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I love Thanksgiving.
It’s fall and comfort food. It’s a chance to be more consciously thankful, and people seem to be happier in general. Yes, there’s a connection there – between those two things.
The pride of my yearly crafting is my Thanksgiving card design. I spend the whole year thinking and looking at art trends. I toggle between simple and elegant and more complicated mini master-arts. I only call them that because each of the 25-30 cards I make each year is similar in style, but 100% an original like no other.
Sometimes my choice of action comes down to time and how much I have or don’t. Depending on how early or late I decisively decided to commit to a card and how complicated my choice is.
Breaking a card down into pieces helps determine the order of preparation and assembly. Early on I learned that gluing all the pieces together for each card individually takes way more time than an assembly line approach.
This year’s card was no exception. I decided to multi-media for a more impressive pallet.
Then, I played around with supplies on hand, measuring if there was enough of everything to create a full 30 or if some number would end up with slight back-ground, frame or brad variations. I miraculously came close to using one specific set of stock. I rationally suspected I may have a few shortages, but the likelihood of someone in one state sharing their card with someone they don’t know in another state assured me that was going to be ok.
I always over-cut, over-stamp, over-fold, in case of slips, skews, and off-pattern veering. And in case I forgot any new recipients I might have acquired over the past year.
Assembly would be straight forward once I established my steps and prepped my foundations.
Pleased with my planning, I pronounced what all experienced, yet still unwise crafters (incredulously) proclaim at the beginning of any project.
“Great! That’ll be easy.”
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Until then, I’d never experienced our church from the pulpit view. I’d done a reading once, down a tier at the presenters’ lectern. I once made a nervous mission announcement from there, as well.
I don’t know how many seconds passed before I began to speak.
There may have been no delay, at all.
Maybe my mind was moving faster than time. Or, maybe time truly suspended giving me a moment to catch up.
Being caught in that living still frame isn’t something I’ve ever been able to escape. Nor the feeling of being yanked back to the conscious present based solely on the physiological need to breathe.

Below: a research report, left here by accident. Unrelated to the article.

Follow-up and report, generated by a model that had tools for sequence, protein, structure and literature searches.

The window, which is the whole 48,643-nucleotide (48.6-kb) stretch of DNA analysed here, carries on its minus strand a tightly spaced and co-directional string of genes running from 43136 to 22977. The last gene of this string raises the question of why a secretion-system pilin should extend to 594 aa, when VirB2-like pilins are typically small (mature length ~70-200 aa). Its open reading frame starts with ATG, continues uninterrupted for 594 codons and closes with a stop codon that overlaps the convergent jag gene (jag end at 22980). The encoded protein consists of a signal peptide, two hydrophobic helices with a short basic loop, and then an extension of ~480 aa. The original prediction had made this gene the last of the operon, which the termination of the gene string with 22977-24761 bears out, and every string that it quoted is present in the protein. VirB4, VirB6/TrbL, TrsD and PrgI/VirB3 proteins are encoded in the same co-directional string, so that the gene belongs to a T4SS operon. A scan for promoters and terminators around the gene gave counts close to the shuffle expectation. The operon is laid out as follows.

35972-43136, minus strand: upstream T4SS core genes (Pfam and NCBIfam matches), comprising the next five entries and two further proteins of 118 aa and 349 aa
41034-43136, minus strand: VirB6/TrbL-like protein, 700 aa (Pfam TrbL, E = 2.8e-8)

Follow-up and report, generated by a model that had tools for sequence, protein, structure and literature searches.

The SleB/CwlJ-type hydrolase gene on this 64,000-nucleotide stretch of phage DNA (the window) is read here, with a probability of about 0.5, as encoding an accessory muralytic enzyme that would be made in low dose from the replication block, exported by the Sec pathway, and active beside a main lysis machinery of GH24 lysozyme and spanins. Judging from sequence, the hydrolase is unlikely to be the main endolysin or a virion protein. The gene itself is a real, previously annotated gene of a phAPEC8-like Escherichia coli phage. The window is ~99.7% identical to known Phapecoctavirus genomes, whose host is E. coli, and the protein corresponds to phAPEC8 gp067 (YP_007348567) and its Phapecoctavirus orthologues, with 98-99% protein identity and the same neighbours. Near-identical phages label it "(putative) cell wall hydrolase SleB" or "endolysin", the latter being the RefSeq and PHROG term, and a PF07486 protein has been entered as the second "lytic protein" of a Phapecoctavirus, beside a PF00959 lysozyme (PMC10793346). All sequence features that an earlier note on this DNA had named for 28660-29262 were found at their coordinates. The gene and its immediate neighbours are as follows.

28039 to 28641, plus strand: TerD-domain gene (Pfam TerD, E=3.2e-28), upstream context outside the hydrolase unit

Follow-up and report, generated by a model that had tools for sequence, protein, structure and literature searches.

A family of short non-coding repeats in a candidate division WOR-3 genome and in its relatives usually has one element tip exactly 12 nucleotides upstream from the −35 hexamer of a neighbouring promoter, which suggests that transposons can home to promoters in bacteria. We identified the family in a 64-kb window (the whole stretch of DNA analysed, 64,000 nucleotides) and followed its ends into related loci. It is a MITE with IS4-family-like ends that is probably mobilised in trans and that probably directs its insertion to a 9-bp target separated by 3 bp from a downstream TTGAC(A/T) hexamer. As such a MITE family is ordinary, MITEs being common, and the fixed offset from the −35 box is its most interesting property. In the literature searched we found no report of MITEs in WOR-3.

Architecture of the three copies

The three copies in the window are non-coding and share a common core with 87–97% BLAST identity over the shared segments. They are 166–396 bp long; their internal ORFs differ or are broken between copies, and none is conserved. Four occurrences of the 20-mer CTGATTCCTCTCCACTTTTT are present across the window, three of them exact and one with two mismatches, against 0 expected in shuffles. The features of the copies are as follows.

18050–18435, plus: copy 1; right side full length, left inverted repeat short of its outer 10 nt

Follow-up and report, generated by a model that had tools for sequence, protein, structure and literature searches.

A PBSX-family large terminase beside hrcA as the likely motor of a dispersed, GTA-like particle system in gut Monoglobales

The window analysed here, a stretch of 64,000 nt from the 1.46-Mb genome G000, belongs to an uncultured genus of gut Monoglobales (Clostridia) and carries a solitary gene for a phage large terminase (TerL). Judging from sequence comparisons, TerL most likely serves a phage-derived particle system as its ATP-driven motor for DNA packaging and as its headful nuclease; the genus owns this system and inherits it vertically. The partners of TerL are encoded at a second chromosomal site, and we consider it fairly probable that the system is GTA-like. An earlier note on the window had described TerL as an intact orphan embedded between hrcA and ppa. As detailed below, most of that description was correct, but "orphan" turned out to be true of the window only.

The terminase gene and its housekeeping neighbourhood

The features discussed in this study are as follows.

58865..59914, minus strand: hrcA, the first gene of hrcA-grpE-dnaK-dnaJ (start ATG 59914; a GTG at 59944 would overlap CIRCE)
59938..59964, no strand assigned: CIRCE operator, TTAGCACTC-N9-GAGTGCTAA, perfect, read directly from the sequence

This is what I saw: our church – our house of worship – filled. Surpassing Christmas, surpassing Easter. Standing room only, was truly that.
People lined the outer walls, the back walls, stood in the lobby, 2-3 deep in respectful rows, sat shoulder to shoulder. Hands clasped, eyes turned, a hush-filled quiet uncomfortably questioning what was about to happen.
So unexpected. So. Many. People.
I don’t know what I thought I’d see from up there, but that wasn’t it.
Someday, I want to paint the way I felt: far-away shadow figures, vague- shaped contours; impressionistic forms. It’s not that they don’t deserve to be individualized. It’s rather that they were one cohesive group, for the first time, for the last time, forever.
I’ve run the scene so many times; replayed when I need to feel stronger. I remember I did that and remind myself if I got through then, I can get through now.
I have an issue listening for God or to Him. I’ve gone way too long in some situations and found myself happily or unhappily God-smacked.
Like upside the head, like, “Hey, dammit (if God swore), pay attention!”
Like a physical push, showing me out of a situation that has long since run it’s course.
It’s easy to glance back and see the dozens of times the message almost got through to me. Last week, one actually did.
GOD: Dwelling. Places.
ME: (stubbornly) How. Many. Heavens?
Suddenly, I saw it so clearly. I knew.
In that sea of souls, right there in our Father’s house of worship, there were many dwelling places.
Down here, we call them hearts. Each person there, took him all the way Home in theirs.
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